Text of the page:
Writing things out in this way has always been helpful for me to work through my problems, and I believe this session has helped me write a bit. I will report back in the next update if I ended up sticking to a schedule, or if I continue to be one of those people who writes about writing but doesn’t actually write – the horror!

 

The Damn Dialogue

Those quotation marks can help you turn tides and change minds if you let them. The diverse possibility of every character’s words can be overwhelming but when used properly, it can enrich any plotline. Is dialogue more important than plot? Is that radical to say? Am I a giant geek to consider this a radical statement? Let’s discuss, shall we?

“And whom am I speaking with?”

Though my plots have always been character-driven, I’ve noticed throughout the years that all my characters tend to blend together. While this isn’t a post about character development, a large part of that development is differentiating your characters from each other. Separating traits, mannerisms, likes and dislikes to create a realistic and diverse cast is so important – and dialogue can be a big part of that. While I struggle with this, I think there are a few ways I can improve on this. Firstly, it’s important to evaluate his or her most basic traits: gender, age, and where they are from. Women and men speak and relate to each other typically in a different manner. Wonderfully, we live in a modern time where gender is becoming more fluid. For example, it’s become more common and acceptable for men to show emotion and for women to hold professional strong positions of power. Utilizing this can be helpful to show your reader who your character really is without the typical gender stereotype roadblocks. Other factors include age and life experience, taking into account your character’s pop culture references and slang. Whether young or old, there’s a way to shape your characters background in a very “show don’t tell” way through the speech.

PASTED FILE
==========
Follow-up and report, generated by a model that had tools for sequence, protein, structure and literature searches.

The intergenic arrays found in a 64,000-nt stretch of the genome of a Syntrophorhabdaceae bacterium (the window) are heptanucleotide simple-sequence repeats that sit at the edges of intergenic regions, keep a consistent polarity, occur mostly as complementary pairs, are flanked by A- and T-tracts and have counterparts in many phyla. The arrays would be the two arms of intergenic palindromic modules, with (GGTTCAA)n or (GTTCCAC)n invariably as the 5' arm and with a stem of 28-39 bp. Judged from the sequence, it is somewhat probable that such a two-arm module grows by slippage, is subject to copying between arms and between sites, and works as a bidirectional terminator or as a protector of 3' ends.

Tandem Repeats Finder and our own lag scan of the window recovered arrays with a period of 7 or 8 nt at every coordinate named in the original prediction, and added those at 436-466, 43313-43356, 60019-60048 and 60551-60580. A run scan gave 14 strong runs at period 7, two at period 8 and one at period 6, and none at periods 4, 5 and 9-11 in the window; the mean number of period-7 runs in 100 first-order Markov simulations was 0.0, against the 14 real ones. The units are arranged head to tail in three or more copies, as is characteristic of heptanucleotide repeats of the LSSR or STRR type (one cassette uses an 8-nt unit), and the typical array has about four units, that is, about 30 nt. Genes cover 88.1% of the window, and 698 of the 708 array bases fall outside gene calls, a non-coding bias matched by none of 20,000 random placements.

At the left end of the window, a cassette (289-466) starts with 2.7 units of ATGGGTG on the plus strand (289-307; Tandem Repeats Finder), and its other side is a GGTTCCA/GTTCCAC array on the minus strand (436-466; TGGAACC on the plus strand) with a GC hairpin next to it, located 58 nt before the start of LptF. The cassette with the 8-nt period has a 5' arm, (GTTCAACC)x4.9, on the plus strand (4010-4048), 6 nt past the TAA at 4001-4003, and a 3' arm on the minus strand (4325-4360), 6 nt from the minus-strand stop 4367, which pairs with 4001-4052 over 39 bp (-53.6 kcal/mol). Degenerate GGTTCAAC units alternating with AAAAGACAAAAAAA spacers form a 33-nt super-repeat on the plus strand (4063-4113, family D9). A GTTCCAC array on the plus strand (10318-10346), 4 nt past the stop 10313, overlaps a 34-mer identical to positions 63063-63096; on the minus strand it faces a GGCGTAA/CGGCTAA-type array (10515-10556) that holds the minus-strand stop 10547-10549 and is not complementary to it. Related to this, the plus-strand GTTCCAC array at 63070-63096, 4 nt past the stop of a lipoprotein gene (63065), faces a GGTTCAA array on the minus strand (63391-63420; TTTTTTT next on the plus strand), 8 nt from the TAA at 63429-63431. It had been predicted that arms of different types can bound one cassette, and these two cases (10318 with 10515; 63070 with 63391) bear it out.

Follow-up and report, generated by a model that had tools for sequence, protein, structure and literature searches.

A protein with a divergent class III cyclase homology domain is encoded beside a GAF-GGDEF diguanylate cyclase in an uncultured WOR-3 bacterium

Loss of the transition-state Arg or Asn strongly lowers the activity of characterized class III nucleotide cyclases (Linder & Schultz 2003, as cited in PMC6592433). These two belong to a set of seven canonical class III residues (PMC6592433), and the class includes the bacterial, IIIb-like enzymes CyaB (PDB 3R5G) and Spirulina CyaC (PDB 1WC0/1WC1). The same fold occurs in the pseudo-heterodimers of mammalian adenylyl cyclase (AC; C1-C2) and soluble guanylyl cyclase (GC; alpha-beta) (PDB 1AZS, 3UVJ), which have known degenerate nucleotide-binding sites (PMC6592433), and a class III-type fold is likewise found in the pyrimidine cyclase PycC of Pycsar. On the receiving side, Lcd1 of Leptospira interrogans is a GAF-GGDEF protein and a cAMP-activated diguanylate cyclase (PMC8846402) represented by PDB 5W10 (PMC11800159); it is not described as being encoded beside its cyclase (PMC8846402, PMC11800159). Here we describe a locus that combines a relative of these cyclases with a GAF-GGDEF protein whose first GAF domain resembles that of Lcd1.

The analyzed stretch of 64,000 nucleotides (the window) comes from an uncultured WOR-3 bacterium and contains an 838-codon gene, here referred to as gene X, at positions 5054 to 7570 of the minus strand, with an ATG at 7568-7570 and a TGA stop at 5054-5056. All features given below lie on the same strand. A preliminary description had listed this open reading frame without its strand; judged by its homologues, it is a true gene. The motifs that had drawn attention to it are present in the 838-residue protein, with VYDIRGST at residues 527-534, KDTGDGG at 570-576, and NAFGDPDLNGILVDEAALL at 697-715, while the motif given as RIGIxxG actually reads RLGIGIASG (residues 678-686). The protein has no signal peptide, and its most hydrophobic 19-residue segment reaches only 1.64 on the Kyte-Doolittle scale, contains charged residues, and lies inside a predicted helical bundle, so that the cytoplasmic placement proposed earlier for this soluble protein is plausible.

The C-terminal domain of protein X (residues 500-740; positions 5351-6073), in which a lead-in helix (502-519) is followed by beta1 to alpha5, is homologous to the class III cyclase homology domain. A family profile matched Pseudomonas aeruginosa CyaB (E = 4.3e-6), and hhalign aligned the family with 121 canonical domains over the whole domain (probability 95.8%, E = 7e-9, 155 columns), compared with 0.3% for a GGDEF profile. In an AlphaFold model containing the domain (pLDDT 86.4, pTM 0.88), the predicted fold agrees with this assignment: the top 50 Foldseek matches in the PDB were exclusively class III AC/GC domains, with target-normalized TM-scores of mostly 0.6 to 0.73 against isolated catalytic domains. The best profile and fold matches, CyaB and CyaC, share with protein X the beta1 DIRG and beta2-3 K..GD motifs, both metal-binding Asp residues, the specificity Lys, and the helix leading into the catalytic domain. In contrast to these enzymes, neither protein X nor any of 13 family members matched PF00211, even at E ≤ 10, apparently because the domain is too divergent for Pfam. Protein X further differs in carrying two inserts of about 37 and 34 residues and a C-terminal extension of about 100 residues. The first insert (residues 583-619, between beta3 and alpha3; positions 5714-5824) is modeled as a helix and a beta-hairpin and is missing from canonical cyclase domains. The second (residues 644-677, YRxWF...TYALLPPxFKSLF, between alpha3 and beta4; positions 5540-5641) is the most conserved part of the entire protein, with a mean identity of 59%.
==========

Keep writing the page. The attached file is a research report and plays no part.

In addition to these basic factors, I like to create a list of traits for each character, usually a small paragraph of likes and dislikes, life experience, and their relationships to one another. For example, my main character is very nervous about another and doesn’t want his feelings to show. His speech is stuttering and curt and awkward when speaking to this other character. I try to show this as much as I can through speech and description of movements during the dialogue that shows this without stating his anxiousness.

“I swear to drunk I’m not God”

I have always struggled with writing dialogue for characters who are in extreme situations like being drunk, emotional, or angry. Are italics okay to use for someone who’s yelling? What about exclamation points? I was told by a teacher once that it is a cardinal sin of writing to include exclamation points. I typically use descriptive words like ‘sharply’ or ‘loudly’ to describe someone who is angry, with normal punctuation. Starting sentences and stopping them to start another, emphasizing certain words, and talking over others is another way I try to portray someone who is angry.

A character being drunk or under the influence of medicine or drugs is another difficult thing to write. It becomes overly cliché to slur words and expose truths the character wouldn’t normally spill. This comes with a basic knowledge of alcohol and drugs you wish to have your character be influenced by, but it’s also a fine line between using the substances as a plot device and making the dialogue realistic. If I’m using anything like this, I usually research heavily (making my search history very suspicious).